Hi! I have added outtakes from Lily’s latest photoshoot for Harper’s Bazaar with her ‘Downton Abbey’ co-stars.

Interviews Photoshoots Videos

HARPER’S BAZAAR – Go behind the scenes with the female cast of Downton Abbey during their cover shoot for the August issue of Harper’s Bazaar. Shot against the beautiful backdrop of Firle Place in Sussex, watch as photographer Alexi Lubormirski captures the actresses in a series of beautiful gowns and fine jewellery, listen to interviews with actresses Laura Carmichael and Lily James, and witness the theatrical photo shoot come to life – from hair and make-up, to costume, set and lighting.

Interviews Photoshoots

HARPER’S BAZAAR – Five series in, and Downton Abbey remains one of the most successful and captivating dramas on TV, with 120 million viewers worldwide. In our August issue, we catch up with its stellar cast of actresses.

Whatever their place in the story – upstairs, downstairs, or in a lady’s chamber – women reign supreme in this most triumphantly successful of television dramas. Bazaar meets the stellar cast of actresses as they gather together again for a fifth series of the globally acclaimed show

The room is suddenly alive. ‘Single Ladies (Put a Ring on It)’ is pulsing through the speakers and the ladies of Downton Abbey have started to foot-tap and hip-sway and, in the case of Mrs Hughes the housekeeper, perform an impressive shimmy, arms swinging at her sides, not quite the full Beyoncé but not far off. Except she isn’t Mrs Hughes today, she’s herself, the actress Phyllis Logan, and for once she gets to wear a posh frock and be in the same room as her mistresses, Ladies Cora, Mary, Edith, Rose. They have all (well, nearly all; just Maggie Smith and Penelope Wilton are missing) been meticulously arranged for a group photograph in the drawing-room of Firle Place in Sussex. Logan to the left, Michelle Dockery (Mary) central, Lily James (Rose) elegantly stretched on the floor – nine women in floor-length gowns – and the sudden wave of movement is like a painting coming to life. Finally, they are still and – click – they’re captured.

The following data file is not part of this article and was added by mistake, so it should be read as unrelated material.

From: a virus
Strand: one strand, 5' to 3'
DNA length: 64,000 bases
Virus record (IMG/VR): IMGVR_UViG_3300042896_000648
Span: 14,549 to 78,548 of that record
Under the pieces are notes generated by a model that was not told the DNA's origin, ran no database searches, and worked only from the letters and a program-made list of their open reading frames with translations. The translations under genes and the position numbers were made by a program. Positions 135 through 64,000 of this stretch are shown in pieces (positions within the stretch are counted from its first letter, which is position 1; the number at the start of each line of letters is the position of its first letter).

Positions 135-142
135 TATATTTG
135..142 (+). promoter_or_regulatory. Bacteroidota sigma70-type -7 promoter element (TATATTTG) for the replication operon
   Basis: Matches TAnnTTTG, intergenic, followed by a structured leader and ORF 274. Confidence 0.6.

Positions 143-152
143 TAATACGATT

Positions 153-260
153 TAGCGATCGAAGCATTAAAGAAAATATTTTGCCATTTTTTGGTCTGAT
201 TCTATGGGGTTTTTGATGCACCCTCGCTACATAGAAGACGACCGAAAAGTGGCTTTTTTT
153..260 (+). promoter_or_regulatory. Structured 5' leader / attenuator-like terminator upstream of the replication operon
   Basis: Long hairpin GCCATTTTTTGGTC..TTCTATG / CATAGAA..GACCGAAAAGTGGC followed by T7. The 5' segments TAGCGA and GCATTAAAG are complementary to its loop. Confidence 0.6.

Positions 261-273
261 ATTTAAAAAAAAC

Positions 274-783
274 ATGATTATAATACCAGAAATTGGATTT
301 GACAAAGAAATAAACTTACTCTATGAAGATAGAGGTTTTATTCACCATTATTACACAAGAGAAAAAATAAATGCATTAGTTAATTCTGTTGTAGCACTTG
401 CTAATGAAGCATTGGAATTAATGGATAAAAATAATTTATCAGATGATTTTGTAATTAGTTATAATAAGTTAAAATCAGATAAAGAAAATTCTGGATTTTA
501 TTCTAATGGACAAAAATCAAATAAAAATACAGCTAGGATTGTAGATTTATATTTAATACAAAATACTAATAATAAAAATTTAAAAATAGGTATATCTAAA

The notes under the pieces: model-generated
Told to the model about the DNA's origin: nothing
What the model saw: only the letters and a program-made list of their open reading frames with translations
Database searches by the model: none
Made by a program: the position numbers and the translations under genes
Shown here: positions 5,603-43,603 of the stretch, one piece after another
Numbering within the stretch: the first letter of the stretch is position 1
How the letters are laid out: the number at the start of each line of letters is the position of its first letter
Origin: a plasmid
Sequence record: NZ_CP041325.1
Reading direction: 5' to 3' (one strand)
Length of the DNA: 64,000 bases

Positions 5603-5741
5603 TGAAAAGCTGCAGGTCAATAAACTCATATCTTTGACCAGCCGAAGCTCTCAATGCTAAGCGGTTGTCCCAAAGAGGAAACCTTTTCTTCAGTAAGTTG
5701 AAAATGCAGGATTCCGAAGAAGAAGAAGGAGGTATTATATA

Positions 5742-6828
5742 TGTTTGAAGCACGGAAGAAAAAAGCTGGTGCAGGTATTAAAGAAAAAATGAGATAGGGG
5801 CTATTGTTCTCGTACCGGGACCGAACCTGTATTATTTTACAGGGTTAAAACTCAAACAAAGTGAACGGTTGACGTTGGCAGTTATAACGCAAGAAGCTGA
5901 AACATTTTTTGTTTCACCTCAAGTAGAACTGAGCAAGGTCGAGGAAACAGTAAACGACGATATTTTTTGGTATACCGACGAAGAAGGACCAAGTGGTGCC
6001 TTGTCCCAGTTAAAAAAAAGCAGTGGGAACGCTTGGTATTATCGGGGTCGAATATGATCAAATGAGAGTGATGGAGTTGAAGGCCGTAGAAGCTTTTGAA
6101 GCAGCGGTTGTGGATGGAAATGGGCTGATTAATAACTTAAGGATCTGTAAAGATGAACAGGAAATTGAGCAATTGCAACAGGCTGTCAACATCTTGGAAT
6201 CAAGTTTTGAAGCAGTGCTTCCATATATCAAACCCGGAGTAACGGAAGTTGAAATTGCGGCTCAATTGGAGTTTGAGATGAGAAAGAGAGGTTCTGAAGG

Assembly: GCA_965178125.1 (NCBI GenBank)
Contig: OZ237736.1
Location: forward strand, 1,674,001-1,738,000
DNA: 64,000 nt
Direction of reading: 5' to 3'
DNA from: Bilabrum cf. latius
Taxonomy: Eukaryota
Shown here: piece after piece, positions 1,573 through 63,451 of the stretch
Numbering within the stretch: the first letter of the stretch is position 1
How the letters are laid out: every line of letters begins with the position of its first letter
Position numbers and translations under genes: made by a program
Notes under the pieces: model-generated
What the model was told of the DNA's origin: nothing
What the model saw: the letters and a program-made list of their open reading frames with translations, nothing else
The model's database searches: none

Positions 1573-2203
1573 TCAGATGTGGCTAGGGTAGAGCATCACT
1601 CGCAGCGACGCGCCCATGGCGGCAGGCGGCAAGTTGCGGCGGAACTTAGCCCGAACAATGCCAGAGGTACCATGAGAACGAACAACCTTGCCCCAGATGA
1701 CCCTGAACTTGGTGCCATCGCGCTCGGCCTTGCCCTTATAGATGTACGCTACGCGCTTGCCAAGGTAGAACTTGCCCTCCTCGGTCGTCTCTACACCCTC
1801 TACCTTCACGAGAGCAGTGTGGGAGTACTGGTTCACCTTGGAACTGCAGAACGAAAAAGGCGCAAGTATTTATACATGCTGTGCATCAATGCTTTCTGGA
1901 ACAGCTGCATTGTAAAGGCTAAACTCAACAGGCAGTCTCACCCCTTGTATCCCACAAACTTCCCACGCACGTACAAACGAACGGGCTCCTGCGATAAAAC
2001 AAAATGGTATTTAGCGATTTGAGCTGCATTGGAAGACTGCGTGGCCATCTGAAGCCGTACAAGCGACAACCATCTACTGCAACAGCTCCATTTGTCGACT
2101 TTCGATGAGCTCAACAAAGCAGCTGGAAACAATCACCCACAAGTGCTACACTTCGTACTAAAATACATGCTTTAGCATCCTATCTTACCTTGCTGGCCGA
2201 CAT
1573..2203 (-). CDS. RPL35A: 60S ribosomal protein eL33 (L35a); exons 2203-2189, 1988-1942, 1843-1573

When you see all these women together, you realise how, both upstairs and downstairs at Downton Abbey, it is the women who rule. Carson and Lord Grantham are officially in charge of their respective domains, but there’s a growing sense in both places that the women are staging a kind of benign takeover, finding their roles in a mid-1920s Britain that is very gradually warming to the idea that women might, after all, have something to offer beyond child-bearing and adorning a dinner table, that they might have something to say.
Continue Reading


As you know, Lily is in the June issue of Vanity Fair magazine and I have added the photoshoot in our gallery.

Lily James (right)
Hometown: London. Age: 25. Up next: The lead in Cinderella, with Cate Blanchett. Favorite app: Cycle Planner. Last TV binge watch: Breaking Bad. Starbucks order: Black coffee. Favorite sneakers: Converse. Miley Cyrus or Taylor Swift: Miley. Can’t live without on set: A book.